Apparently its not enough for some CEOs to get massive compensation packages, lavish corporate perks and a golden parachute when they get fired for mismanaging their enterprise. Now there are "golden coffins" too. According to the Wall Street Journal, golden coffins are generous posthumous payouts to senior management and dozens of corporations offer generous death-benefit packages that might include allowing heirs to collect unvested equity, posthumous severance payouts, supercharged pensions and/or years of postmortem salaries.
With executive pay coming under intense scrutiny in the wake of the banking crisis, corporate governance issues are moving to the forefront. Hedge funds -- except Carl Ichan -- are surprisingly silent on the matter. This is a mistake. Corporate governance is a non-controversial issue, but one of great importance. Fighting the good fight right now are a couple of pension funds, academics and proxy advisors. These are mostly passive players, however, and corporations are not under meaningful pressure.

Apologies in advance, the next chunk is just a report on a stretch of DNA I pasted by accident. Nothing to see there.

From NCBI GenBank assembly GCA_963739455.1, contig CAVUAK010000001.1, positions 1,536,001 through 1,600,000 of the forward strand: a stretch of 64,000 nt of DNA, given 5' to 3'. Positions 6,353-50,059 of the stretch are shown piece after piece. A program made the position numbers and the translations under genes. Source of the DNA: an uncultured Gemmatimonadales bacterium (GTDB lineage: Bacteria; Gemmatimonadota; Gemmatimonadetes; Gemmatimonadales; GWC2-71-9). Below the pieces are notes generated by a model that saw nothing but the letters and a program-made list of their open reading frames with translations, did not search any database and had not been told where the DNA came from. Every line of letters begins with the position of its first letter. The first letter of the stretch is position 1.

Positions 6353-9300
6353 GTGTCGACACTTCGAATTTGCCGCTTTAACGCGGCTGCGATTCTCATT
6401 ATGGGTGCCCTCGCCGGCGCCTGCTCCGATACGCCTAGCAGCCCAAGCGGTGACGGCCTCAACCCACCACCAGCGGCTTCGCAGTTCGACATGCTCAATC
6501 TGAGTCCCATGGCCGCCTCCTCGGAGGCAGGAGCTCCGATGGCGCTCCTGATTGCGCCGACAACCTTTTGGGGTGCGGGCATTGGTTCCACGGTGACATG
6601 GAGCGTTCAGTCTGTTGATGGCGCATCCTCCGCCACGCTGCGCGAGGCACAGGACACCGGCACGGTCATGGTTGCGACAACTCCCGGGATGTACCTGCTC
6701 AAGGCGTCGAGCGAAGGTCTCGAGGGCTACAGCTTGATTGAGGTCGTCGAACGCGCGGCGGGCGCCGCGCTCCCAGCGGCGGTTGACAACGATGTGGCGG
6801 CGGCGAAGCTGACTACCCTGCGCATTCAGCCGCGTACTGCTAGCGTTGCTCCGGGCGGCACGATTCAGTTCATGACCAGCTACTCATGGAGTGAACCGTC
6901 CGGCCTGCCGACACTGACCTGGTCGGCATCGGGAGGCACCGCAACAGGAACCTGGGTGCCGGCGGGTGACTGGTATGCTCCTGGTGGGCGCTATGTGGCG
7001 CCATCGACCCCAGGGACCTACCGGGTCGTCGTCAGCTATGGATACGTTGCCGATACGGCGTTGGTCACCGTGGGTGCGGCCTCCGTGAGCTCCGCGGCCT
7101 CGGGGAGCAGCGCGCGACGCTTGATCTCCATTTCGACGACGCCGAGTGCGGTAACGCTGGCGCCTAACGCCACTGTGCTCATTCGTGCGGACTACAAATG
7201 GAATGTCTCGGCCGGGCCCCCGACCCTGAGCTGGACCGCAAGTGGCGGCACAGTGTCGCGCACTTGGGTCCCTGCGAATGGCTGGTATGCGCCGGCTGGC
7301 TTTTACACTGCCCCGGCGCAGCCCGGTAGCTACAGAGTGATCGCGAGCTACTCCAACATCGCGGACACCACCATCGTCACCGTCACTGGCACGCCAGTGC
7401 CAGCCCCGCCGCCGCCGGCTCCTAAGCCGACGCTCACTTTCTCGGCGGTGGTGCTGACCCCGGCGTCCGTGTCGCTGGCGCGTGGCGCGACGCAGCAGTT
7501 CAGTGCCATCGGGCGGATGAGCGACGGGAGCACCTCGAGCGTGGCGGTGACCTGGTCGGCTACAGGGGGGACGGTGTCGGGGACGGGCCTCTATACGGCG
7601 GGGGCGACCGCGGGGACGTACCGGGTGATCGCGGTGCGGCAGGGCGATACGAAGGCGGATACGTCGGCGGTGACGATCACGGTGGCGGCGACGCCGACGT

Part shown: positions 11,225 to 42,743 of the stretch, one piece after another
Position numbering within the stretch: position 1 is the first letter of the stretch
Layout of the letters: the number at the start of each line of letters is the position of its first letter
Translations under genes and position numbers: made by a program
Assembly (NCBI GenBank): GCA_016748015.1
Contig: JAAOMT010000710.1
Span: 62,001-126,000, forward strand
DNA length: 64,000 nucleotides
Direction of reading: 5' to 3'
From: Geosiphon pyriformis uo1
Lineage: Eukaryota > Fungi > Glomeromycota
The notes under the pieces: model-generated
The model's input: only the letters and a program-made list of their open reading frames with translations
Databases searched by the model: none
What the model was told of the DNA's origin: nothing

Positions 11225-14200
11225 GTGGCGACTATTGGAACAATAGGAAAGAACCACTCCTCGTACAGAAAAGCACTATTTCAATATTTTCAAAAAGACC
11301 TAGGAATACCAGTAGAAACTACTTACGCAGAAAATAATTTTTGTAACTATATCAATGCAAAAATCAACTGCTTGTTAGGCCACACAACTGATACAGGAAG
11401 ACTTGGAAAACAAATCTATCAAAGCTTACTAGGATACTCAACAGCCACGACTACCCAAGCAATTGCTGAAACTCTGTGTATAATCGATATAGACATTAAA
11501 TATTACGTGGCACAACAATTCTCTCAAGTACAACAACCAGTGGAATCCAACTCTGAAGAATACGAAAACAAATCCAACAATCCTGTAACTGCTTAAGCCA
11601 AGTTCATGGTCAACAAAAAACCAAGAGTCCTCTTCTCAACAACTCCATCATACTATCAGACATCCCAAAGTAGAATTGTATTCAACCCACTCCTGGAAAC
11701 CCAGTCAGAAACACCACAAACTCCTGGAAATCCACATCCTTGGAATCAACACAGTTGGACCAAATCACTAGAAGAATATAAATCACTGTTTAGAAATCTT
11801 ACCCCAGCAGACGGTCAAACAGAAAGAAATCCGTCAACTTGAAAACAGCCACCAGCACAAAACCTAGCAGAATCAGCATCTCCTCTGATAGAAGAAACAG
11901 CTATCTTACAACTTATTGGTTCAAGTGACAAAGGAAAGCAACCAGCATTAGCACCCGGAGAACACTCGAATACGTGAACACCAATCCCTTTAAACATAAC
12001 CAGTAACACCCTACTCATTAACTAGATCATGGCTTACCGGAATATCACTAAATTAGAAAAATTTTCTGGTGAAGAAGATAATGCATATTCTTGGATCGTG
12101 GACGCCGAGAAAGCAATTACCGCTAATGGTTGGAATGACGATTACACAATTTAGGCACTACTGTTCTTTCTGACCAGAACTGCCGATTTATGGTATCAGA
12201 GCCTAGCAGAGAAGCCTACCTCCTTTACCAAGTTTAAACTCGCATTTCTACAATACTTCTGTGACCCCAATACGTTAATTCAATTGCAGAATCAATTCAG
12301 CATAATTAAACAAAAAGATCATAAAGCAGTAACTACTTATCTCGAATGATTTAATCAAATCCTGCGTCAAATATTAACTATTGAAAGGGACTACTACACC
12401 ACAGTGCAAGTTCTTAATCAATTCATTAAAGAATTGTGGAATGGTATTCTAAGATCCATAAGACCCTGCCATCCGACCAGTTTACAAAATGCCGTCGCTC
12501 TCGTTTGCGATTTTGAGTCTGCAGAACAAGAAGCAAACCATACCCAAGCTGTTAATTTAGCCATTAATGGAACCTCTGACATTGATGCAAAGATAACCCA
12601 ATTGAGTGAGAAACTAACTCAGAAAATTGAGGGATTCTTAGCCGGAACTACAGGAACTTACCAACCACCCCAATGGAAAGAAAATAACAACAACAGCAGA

That could change if hedge funds enter the fray. Aligning with other governance activists would demonstrate that hedge funds are a responsible part of the modern capital equation. It would also show that hedge funds can be watchdogs and enforcers of fair play in the markets in what this blog calls the "new financial world order." Lastly, it would advance their business interests as shareholders in corporations that are less wasteful, have better boards, and are less protected by poison pills and other anti-shareholder defense mechanisms.
Organizations that hedge funds should cooperate with on the issue of corporate governance include:
RiskMetrics Group (ISS)
The Weinberg Center for Corporate Governance (U Delaware)